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In a scenario using seekg & tellg on a file, I was wondering what is happening under the hood?

    // Open file and get file size
    int myFileSize;
    std::fstream myFile;
    myFile.open(myFileName, std::ios::in|std::ios::binary);
    if (myFile.is_open())
    {
        myFile.seekg(0, std::ios::end);
        myFileSize = myFile.tellg();
        myFile.seekg(0, std::ios::beg);
        myFile.close();
    }

Q1: Is seekg actually walking the entire contents of the file, until it finds some special "EOF character"? Or does it use some other information provided by the filesystem to "know" where the end of the file is?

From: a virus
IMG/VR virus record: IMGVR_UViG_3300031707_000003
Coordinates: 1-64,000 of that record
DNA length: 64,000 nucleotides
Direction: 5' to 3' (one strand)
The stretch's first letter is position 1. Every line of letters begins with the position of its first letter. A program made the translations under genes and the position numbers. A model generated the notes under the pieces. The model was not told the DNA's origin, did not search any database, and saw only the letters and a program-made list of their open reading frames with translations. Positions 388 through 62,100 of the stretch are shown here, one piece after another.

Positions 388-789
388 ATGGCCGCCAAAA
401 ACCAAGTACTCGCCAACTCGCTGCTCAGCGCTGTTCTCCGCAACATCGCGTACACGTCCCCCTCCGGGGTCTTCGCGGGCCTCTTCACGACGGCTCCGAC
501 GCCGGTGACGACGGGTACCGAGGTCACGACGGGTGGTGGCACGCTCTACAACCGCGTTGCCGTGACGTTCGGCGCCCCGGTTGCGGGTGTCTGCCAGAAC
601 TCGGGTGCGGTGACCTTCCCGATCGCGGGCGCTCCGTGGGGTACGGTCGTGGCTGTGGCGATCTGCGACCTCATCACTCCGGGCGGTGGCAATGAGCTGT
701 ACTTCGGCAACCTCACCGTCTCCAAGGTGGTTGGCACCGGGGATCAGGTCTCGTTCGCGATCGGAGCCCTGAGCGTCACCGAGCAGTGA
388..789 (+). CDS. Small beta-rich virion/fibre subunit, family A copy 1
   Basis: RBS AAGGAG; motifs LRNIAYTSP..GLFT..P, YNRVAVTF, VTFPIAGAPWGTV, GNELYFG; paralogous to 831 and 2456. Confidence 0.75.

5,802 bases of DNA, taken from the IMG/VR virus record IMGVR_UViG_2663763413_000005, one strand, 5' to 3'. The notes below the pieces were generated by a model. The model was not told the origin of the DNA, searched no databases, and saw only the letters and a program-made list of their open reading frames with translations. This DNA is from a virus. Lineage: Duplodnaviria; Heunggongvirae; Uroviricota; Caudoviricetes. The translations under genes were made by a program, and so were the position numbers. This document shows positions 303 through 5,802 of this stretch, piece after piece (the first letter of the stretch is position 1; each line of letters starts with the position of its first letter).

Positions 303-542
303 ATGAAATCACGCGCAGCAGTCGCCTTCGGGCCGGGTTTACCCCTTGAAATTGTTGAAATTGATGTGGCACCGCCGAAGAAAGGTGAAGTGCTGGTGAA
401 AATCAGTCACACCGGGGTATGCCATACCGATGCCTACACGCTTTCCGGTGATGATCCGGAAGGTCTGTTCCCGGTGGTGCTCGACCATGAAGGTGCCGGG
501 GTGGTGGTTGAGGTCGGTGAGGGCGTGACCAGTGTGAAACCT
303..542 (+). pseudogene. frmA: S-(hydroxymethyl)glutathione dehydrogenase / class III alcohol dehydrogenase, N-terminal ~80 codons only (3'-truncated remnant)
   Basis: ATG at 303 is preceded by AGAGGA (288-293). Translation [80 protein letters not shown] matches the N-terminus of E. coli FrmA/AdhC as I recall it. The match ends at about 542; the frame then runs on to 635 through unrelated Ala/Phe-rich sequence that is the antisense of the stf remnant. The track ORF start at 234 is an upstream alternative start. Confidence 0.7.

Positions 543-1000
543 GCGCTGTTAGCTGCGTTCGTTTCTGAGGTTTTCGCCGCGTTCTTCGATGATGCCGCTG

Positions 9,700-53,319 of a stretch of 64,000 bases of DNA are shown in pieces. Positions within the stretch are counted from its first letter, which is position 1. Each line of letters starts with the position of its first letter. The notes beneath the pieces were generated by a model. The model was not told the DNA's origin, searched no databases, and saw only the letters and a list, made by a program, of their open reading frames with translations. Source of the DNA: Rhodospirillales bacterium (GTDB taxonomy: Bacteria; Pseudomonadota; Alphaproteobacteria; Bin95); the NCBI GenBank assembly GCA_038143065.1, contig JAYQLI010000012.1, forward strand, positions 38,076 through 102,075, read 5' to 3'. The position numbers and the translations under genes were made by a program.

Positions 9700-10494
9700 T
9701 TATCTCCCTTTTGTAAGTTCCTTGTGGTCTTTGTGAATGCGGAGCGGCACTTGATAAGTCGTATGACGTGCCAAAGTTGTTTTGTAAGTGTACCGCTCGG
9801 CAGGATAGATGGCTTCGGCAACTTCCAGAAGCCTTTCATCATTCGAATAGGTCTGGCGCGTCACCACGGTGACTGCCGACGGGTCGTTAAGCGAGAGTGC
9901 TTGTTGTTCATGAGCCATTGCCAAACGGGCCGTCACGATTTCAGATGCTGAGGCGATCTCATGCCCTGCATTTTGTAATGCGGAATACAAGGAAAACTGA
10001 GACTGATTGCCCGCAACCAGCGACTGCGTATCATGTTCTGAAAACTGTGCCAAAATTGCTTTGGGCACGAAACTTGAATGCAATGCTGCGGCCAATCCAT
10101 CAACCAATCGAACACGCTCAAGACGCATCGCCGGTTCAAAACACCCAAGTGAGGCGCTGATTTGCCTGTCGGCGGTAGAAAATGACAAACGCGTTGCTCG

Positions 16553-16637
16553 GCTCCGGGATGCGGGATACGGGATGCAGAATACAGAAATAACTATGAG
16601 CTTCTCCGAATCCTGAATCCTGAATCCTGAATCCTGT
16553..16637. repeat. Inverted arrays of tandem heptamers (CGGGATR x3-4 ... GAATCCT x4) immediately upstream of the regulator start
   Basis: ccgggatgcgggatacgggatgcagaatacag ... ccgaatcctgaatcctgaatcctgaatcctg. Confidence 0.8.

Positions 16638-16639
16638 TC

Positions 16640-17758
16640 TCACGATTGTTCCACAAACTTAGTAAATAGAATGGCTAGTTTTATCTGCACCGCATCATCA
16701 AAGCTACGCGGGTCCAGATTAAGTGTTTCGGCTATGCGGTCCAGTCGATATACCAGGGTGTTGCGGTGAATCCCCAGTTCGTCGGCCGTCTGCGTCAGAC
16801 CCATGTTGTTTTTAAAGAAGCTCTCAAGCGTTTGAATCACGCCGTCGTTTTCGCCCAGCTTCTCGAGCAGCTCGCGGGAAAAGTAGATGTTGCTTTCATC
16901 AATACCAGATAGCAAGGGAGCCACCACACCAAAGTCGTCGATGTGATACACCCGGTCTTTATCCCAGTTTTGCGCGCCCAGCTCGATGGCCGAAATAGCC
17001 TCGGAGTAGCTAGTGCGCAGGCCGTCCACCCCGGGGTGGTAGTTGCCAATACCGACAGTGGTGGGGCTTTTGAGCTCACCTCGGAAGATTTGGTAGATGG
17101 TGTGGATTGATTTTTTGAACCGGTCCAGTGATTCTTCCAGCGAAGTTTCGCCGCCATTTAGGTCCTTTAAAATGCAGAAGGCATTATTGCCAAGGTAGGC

Q2: seekg is a stream seeking operation. Does that mean that the entire contents of the file must go through the stream?

Forgive me if I only have an rudimentary understanding of how all this works.

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Regarding "EOF character": latedev.wordpress.com/2012/12/04/all-about-eof –  delnan Feb 10 '13 at 0:24
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1 Answer

up vote 5 down vote accepted

Q1: No. The OS will know the size of the file, and seekg() will use that knowledge - it takes almost identical time whether the file is 1, 100 or 10000000000 bytes long.

Q2: No. It just sets the current "get pointer", which translates to "SetFilePos" or "lseek" in a Windows or Linux system. Nearly all other OS' have similar concepts.

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Thank you that's very helpful –  Lakey Feb 10 '13 at 0:22
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